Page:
With the Soo Locks now closed for the season, most of the Great Lakes fleet has tied up for the winter. On Lake Superior, there are a total of six active vessels laid up in the Twin Ports this winter. Mesabi Miner is moored at Midwest Energy; ASC fleetmates H. Lee White and American Spirit are laid up at Elevator M and Lakehead Pipeline, respectively; and Tim S. Dool, Lee A. Tregurtha, and Kaye E. Barker are all wintering at Fraser. Also at the shipyard is William A. Irvin, which will be drydocked after the Dool‘s work is complete. The Irvin will receive hull maintenance and repairs as well as a new coat of paint before being returned to the Minnesota Slip in the spring, where she will be reopened for tours. Two additional vessels, American Century and Burns Harbor, were both expected to lay up in Duluth, however neither ship made it up through the Soo Locks before they closed on January 15. The Century ended up in Toledo for the winter, while ASC surprisingly sent Burns Harbor back to Sturgeon Bay. In long-term layup in the Twin Ports are Arthur M. Anderson, tied at CN, and Edward L. Ryerson, at the Barko dock near the CHS elevators. Unlike recent rumors have indicated, there are no plans to scrap either vessel, and they may return to service at any time as economic conditions warrant.
There are ten ships laid up at Bay Shipbuilding in Sturgeon Bay so far, and the shipyard has been full of activity as of late. The McKeil barge Huron Spirit arrived last week Friday morning, pushed by the tug Sharon M I. The tug departed shortly after dropping her barge off to continue winter operations. Paul R. Tregurtha also arrived on Friday, and was immediately placed in drydock. This year’s layup fleet at the shipyard includes American Courage, John G. Munson, Joseph L. Block, barge A-397, Roger Blough, James R. Barker, Burns Harbor, Cason J. Callaway, barge Huron Spirit, and Paul R. Tregurtha. Wilfred Sykes is still running cargo between Lake Michigan and Lake Huron, and will likely be the last arrival in Sturgeon Bay for the 2018 season when she lays up at the end of January. The new barge Commander, pushed by Bradshaw McKee, departed the shipyard last week, and headed for Charlevoix to load her first cargo of cement. The barge has spent the last two seasons at BayShip being converted from an open-topped cargo barge to an articulated, self-unloading powdered cement carrier. Work included the addition of an entirely new bow, cargo holds, and a bow thruster, and the barge was lengthened significantly to increase her cargo capacity.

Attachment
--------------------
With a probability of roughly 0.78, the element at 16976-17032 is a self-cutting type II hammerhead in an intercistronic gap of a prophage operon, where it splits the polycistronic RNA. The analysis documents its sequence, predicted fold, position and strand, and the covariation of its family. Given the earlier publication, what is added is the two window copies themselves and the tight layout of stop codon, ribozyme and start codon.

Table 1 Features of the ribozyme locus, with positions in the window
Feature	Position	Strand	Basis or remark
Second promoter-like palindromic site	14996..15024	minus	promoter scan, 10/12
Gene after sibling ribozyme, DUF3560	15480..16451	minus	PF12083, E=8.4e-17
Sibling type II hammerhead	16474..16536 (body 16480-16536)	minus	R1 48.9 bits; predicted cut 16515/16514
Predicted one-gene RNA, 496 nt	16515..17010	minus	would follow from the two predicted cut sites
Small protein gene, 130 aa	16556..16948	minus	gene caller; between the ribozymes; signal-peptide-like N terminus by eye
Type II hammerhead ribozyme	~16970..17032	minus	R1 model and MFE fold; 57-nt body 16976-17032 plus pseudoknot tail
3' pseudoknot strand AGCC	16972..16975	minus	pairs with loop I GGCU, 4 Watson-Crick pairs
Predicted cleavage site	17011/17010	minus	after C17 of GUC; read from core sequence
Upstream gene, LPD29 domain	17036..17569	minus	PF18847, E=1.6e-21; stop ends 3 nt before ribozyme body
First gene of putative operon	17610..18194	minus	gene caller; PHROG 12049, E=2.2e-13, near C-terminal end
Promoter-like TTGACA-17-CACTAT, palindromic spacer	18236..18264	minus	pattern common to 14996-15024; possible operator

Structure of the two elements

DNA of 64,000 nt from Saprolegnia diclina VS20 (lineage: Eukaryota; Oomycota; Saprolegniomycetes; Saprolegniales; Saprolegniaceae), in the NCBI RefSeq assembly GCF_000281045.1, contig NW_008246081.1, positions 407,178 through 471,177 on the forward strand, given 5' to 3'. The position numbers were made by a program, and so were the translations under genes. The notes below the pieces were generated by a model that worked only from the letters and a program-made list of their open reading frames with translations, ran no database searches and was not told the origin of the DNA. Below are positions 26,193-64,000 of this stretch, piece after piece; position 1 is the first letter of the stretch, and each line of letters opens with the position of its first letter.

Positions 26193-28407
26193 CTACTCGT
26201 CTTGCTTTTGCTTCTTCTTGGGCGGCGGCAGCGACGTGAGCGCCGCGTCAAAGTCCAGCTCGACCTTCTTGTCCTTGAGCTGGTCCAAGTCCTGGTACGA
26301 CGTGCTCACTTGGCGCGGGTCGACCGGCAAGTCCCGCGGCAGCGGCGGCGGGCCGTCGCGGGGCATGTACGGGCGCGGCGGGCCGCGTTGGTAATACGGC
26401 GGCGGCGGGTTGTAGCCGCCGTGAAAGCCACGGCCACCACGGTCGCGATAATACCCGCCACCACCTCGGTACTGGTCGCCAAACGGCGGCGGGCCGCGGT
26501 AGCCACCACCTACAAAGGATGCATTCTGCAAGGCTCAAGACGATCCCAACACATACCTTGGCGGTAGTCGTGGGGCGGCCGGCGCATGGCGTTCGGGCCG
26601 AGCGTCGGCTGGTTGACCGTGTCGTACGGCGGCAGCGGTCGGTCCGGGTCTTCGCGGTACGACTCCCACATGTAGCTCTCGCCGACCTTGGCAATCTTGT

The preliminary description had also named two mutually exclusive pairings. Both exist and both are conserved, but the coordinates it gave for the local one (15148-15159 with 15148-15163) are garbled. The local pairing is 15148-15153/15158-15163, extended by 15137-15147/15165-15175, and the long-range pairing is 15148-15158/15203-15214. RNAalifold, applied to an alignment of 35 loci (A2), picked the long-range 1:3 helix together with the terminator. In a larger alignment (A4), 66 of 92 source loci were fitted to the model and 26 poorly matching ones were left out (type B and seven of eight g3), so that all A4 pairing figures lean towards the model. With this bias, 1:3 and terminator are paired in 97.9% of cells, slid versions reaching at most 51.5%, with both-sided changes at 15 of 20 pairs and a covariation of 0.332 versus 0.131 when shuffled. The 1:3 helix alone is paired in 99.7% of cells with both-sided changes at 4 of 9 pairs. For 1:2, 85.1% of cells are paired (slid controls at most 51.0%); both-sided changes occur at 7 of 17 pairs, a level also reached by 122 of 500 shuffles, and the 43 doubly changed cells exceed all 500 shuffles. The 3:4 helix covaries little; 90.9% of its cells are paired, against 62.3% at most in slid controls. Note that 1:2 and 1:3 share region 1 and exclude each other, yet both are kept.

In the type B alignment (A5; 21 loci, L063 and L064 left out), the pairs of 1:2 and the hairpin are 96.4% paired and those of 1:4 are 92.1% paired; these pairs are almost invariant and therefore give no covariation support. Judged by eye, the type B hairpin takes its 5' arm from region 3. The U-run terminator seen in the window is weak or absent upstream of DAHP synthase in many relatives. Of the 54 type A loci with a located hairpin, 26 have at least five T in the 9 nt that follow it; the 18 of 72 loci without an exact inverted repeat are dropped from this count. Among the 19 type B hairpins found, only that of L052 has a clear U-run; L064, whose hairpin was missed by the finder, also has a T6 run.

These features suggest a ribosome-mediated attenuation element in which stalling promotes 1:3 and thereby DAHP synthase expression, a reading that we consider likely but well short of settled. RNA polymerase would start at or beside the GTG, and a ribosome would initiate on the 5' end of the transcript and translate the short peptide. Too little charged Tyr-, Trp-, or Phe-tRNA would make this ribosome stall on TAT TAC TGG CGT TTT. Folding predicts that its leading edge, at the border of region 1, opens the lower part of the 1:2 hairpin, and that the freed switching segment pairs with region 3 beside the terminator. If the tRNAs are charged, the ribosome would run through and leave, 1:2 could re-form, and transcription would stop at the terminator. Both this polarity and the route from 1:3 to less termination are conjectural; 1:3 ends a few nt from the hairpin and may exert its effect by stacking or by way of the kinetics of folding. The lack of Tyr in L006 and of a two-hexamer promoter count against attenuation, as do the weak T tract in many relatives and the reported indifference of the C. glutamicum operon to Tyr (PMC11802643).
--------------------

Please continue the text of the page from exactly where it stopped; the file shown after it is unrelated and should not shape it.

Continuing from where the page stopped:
For comparison’s sake, here’s a “before” shot of the barge before conversion work began. She was previously known as Cleveland Rocks, and primarily hauled bulk cargo on the lower lakes.
I took this shot back in November, showing the newly converted barge tied up at Bay Shipbuilding and awaiting pickup.
This photo shows the Commander/tug Bradshaw McKee arriving at Chicago with her first payload of cement (courtesy of Christine Douglas, Facebook).
Lastly, Lower Lakes Towing has finally given a new name to their James L. Kuber. The barge just emerged from drydock at the DonJon Shipyard in Erie, and the name Maumee is now displayed on her freshly painted hull. This name was last carried by a 1929-built vessel that previously operated for U.S. Steel as the Calcite II. She was sold to Lower Lakes in 2001, and was scrapped at Port Colborne, Ontario, in 2011.
When K&K Integrated Logistics disbanded and sold their two barges (James L. Kuber and Lewis J. Kuber) to Lower Lakes in 2011, part of the contract was that the vessels would retain their names for a certain number of years, which is why they weren’t renamed when they began operating for Grand River Navigation. LLT renamed the Lewis J. to Menominee last year, and have now finally changed James L.‘s name. The dedicated tug that has been paired with Menominee, Olive L. Moore, will be sent for scrap next year, and the barge will be pushed by Invincible starting next season. The new Maumee will continue to be pushed by the tug Victory.